Tuesday 12 April 2011

Tuti with Mark and Stephen

On Saturday I was back at Tuti Island, accompanied by Mark Boyd and Stephen Blight. Stephen has just arrived in Sudan from South Africa and is still getting settled while he prepares for his family to join him. Mark gave me the good news that he will also be staying with us for another year. We just had a short morning visit, but enough to get a feel for what was about. There was some noticeable movement along the river of gulls and terns, and a flock of 81 Glossy Ibis heading north was good to see.

A flock of migrating Glossy Ibis, Tuti 9th April 2011

There was still quite a small passage of hirundines, including mainly Sand Martins and House Martins (my first on Tuti), but none of the Red-rumped Swallows from my previous visit. Also missing were the large numbers of Asian Palm Swifts that had been present last time. I have occasionally seen the odd Rufous Scrub-Robin on Tuti, but today there were 4 individuals and they were much more showy than usual. Other migrant passerines were present in much smaller numbers than on my last visit.

Rufous Scrub-Robin, Tuti 9th April 2011

Sunday 3 April 2011

Wanted: "Better Woodland", mine-free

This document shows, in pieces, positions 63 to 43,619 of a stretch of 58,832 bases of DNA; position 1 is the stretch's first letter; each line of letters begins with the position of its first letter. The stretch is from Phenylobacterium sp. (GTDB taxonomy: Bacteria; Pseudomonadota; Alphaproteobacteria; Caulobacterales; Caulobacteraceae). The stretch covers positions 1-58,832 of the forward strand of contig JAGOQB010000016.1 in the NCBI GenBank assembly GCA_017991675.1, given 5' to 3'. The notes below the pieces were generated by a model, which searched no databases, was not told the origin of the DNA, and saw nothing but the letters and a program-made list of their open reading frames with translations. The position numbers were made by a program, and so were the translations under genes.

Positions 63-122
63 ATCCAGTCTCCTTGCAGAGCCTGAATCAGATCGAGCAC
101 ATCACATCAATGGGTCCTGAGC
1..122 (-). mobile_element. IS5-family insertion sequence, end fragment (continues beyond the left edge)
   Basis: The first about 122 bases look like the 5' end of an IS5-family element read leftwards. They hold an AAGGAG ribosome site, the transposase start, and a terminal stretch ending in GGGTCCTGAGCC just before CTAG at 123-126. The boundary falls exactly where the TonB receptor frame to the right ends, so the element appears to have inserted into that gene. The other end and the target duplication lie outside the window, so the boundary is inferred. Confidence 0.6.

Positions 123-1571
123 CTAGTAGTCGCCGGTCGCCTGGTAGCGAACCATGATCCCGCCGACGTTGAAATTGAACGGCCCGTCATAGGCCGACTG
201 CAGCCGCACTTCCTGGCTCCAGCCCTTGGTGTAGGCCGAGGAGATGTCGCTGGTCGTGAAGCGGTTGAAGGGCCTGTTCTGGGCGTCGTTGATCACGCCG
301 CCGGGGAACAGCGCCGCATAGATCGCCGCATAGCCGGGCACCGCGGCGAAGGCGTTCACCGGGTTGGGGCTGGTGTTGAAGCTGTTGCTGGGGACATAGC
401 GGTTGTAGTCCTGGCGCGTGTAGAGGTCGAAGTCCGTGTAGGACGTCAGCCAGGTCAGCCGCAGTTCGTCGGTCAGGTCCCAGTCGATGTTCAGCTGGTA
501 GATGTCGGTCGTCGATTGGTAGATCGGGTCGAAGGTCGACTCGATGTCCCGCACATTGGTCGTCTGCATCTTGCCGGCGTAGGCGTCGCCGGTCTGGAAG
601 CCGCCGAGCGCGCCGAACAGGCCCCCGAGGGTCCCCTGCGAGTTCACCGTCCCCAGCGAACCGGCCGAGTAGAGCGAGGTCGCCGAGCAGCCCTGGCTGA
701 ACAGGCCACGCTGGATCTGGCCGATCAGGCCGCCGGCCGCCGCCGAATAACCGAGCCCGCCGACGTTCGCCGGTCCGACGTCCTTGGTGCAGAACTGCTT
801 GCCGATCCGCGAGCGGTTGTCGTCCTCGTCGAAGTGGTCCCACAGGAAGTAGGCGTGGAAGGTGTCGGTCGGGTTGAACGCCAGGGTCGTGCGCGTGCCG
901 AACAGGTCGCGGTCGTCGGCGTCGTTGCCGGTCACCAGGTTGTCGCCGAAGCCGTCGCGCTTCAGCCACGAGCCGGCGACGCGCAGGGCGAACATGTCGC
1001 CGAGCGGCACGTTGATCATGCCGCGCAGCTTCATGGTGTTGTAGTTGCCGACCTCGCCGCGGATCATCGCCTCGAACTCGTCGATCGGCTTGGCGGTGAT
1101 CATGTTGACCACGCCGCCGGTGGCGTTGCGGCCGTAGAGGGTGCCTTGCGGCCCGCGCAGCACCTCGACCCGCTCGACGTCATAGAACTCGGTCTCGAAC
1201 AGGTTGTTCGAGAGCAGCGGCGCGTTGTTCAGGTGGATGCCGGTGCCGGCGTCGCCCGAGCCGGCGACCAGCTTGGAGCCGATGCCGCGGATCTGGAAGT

On 27 March and 3 April I went out looking for "better woodland", a phrase used by Nikolaus in his Sudan bird atlas. Wood-cutting for charcoal and firewood has seriously affected the bushland that is easily accessible from Juba and I'd not located many of the bird species associated with more wooded areas. On 27 March, I went 50 kms along the Nimule road, south from Juba. I eventually found an area with more woodland - in a mine-field!

Nearby, in a slightly more degraded area, there were nevertheless some new species, including Tropical Boubou. A female Northern Puffback was quite confiding, and there was a single African Moustached Warbler.

Tropical Boubou

Northern Puffback

African Moustached Warbler

Today, I located an area about 12 kms north of Juba that, whilst clearly being harvested for wood, still contained some small areas with larger trees. Almost immediately, I found a small group of Yellow-billed Shrikes, as well as Northern Brownbuls and a stunning white morph African Paradise-flycatcher. There were also White-crested Helmet-shrikes and White-billed Buffalo-Weavers, both of which I'd only seen once before around Juba. Other new species included Black-bellied Bustard, Red-shouldered Cuckoo-shrike and Red-fronted Barbet.

Yellow-billed Shrike

Northern Brownbul

White-crested Helmet-shrike

African Paradise-flycatcher

En route back to town, a White-headed Vulture flew by at close range; and a flock of Knob-billed Ducks were resting in a flooded pit.

White-headed Vulture

Knob-billed Ducks